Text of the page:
Thursday, April 21, 2016

Lucky Devils (RKO, 1933)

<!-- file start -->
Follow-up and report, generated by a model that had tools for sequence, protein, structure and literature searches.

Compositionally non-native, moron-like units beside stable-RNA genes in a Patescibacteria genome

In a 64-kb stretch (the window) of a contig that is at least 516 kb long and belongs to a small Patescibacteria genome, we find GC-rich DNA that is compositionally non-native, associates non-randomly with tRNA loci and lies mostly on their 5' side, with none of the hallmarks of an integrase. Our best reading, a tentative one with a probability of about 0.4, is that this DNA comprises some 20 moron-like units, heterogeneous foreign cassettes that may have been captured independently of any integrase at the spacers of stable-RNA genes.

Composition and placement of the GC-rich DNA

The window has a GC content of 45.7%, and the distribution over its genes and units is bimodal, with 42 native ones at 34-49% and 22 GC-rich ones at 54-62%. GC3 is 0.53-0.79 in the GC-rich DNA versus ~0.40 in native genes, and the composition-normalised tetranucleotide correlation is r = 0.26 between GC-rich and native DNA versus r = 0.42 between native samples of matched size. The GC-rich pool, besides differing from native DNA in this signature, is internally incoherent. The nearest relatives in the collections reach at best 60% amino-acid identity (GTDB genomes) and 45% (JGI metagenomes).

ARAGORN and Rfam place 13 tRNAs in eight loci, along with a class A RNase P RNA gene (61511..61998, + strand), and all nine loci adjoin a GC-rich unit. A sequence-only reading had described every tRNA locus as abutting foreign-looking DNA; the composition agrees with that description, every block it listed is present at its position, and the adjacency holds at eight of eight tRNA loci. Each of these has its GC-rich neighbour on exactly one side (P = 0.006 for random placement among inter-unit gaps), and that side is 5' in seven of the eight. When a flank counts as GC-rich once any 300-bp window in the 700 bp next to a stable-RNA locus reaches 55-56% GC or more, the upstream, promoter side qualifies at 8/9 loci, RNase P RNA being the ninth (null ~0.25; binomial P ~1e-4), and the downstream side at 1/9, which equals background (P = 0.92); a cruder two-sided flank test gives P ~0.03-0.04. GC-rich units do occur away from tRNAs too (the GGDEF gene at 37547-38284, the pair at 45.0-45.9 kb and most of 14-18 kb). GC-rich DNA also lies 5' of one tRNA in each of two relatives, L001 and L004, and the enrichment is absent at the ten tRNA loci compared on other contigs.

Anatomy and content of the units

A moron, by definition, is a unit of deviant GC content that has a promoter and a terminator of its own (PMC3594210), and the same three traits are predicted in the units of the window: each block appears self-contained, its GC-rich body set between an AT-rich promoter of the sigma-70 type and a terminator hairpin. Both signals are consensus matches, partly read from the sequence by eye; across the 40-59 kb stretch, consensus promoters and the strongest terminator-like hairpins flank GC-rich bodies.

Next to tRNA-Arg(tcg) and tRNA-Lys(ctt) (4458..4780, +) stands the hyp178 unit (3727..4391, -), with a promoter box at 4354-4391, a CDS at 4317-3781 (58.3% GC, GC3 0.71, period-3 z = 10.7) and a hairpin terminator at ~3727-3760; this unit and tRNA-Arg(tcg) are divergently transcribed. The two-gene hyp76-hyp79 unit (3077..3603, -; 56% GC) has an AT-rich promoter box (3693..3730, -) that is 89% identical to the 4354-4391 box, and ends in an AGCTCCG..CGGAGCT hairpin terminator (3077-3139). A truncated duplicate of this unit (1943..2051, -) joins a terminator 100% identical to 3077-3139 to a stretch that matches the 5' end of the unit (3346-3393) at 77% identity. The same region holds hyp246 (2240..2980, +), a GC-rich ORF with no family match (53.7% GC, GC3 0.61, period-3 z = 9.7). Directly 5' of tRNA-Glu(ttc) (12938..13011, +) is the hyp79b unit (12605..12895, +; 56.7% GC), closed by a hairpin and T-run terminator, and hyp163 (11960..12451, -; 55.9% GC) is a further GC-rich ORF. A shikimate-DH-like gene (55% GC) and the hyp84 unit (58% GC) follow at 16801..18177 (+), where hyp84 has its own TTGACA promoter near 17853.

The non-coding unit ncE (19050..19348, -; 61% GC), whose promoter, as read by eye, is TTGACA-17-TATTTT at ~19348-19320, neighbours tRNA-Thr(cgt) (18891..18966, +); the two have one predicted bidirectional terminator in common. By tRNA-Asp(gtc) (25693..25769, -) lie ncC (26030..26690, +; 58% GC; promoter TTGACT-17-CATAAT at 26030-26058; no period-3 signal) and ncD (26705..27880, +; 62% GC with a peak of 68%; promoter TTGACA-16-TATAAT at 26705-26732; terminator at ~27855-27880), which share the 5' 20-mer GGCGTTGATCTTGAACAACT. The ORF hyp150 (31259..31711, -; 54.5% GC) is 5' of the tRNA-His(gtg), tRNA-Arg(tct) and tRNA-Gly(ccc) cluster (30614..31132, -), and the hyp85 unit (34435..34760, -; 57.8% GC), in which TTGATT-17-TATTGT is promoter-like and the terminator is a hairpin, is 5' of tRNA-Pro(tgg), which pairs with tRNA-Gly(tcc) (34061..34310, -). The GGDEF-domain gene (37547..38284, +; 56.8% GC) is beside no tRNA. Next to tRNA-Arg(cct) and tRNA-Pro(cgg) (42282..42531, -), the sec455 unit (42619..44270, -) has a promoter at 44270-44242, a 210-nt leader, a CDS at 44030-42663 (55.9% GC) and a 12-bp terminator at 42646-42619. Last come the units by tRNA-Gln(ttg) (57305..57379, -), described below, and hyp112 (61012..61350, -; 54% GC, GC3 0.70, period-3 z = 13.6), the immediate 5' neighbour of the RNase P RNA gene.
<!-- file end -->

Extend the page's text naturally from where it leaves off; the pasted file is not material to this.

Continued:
by Mark Gabrish Conlan • Copyright © 2016 by Mark Gabrish Conlan • All rights reserved